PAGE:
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Another divide: American versus Israeli Jewish culture

STANFORD --In the vast sweep of Jewish history, American Jews are "nothing exceptional," Israel Bartal, professor of Jewish history at Hebrew University in Israel, told his American audience. They are but yet another example of the "response to modernity by Jews exposed to European values and culture."

Nevertheless, Bartal and Steven Zipperstein, another professor of Jewish history who teaches at Stanford, contrasted their personal and national histories in two sessions of a conference on American Jewish culture held at Stanford May 14 and 15.

The only non-North American speaker at the conference, Bartal was asked to play the role of the "significant other" or "the other option" for Jewish culture as it approaches the millennium. He is currently on sabbatical at the University of Pennsylvania. Zipperstein, who directs the Jewish Studies Program at Stanford, gave a lecture on American Jewish literature that traced both the desire and discomfort with becoming homogenized Americans.

Like many American Jews, Bartal pointed out, he is from Eastern Europe and a citizen of a country composed of immigrants. "Even second- and third-generation Israelis like myself feel themselves as immigrants," he said.

Both American and Israeli Jews have invented new uses of historical texts, he said. "They have reshaped their traditions and managed to survive, at least to this point, the 20th century." For instance, Hanukkah has little to do with traditional Hanukkah in either country, he said. "We are dealing with some modern form described as continuity with the past."

Zipperstein, a third-generation American who came of age in the Cold War, belongs to a family that tried to break with the past. When asked by children and grandchildren about their native shtetl, his older relatives said Lohishn, their original village, was not in Russia but in Poland. They also said it had been obliterated shortly after his grandfather's exit in 1919 or 1920.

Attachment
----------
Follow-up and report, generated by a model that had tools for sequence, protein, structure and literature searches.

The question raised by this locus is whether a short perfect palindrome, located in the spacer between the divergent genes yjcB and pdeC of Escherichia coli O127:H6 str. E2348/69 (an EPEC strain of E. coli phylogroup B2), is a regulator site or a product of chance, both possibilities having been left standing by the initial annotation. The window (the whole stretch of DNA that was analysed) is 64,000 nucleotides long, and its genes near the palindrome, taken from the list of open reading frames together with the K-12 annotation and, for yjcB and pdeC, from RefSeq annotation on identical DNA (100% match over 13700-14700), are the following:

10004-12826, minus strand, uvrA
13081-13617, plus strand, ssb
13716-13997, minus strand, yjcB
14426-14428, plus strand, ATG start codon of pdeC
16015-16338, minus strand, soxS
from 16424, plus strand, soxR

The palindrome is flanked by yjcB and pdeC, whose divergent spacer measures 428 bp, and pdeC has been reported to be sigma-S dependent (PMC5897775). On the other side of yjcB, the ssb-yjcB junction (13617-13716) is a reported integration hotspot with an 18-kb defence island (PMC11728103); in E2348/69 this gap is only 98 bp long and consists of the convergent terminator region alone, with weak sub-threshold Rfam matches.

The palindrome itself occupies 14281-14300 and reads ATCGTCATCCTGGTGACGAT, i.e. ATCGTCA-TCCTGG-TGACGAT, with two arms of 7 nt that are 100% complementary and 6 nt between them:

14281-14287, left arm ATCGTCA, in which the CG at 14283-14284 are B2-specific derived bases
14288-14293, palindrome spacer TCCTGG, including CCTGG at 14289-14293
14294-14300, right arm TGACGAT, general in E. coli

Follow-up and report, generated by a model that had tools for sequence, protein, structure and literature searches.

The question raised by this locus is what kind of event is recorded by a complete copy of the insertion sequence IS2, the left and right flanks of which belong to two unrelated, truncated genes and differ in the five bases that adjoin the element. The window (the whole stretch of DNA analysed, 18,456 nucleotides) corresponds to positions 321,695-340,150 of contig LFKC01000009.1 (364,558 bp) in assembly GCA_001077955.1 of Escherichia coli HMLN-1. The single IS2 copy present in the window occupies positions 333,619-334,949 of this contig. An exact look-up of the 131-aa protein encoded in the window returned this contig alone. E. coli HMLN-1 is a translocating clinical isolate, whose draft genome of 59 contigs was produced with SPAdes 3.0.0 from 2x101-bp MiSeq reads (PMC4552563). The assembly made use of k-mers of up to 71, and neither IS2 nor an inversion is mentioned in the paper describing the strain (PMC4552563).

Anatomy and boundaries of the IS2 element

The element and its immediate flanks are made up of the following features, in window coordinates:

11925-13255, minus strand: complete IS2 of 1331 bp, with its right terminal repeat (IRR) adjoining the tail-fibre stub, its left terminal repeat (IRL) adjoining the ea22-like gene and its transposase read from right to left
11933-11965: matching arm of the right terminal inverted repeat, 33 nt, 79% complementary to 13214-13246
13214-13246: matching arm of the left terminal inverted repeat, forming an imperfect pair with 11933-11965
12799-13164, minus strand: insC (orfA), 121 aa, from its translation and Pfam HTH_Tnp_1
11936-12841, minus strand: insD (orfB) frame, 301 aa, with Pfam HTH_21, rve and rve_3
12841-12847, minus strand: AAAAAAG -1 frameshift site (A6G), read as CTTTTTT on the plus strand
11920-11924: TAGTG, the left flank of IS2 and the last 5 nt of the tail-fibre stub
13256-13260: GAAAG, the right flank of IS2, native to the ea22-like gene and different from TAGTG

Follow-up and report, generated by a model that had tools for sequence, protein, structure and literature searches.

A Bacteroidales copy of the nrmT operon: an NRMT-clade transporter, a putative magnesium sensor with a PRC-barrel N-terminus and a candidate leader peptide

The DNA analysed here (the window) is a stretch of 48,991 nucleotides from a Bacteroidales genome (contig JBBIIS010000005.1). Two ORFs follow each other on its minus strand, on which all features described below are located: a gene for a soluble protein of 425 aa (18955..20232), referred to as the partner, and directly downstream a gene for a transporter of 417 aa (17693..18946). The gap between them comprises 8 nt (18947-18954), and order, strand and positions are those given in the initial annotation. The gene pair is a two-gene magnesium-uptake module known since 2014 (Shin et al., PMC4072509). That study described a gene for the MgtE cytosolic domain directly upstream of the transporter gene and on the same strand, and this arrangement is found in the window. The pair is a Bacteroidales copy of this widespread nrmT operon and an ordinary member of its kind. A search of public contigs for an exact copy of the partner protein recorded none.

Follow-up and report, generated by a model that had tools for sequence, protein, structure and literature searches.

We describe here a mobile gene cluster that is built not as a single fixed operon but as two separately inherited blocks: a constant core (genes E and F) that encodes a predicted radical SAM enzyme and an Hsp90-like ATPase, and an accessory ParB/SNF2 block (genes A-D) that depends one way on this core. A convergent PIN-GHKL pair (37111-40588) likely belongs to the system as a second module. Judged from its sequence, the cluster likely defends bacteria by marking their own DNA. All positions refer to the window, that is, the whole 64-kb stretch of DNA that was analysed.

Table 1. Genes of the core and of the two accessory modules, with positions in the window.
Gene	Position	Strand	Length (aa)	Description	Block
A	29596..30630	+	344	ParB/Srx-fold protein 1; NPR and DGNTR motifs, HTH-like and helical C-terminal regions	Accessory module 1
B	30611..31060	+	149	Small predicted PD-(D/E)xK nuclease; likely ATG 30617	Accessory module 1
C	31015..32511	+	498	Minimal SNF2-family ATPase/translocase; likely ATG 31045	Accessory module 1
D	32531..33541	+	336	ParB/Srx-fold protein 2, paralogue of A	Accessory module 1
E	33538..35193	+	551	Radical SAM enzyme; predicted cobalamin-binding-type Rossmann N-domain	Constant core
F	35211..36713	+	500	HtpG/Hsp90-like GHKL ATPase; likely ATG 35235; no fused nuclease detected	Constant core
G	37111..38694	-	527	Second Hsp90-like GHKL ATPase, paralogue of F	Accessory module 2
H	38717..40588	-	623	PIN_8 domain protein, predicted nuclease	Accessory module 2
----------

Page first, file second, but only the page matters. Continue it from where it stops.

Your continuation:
"Imagine my surprise," he wrote in a paper for the conference, "when later I glanced at a road map of Belarus and noticed Lohishn, just off a main strip of highway, a small place with little to distinguish it, according to a guidebook I soon consulted, but far from annihilated."

Zipperstein's Jewish American neighbors and family also banned a certain hometown woman from their circle after she took one of them to a picnic in Chicago's Griffith Park that turned out to be a Communist Party rally. In the Cold War era, Zipperstein said his relatives greeted his decision to study Russian in the '70s with "off-balanced remarks about Lee Harvey Oswald's penchant for Russian."

Bartal, on the other hand, grew up studying Russian and European culture in Israeli schools. He learned English with a British accent and said it "shall forever remain a second language." America was a foreign place, generally not studied at all in school and known only superficially through an occasional movie such as I Like Mike, about an American tourist who falls in love with an Israeli girl.

"Like most of my generation, America meant some members of the family, like my father's cousin who used to send us food in the '50s," he said.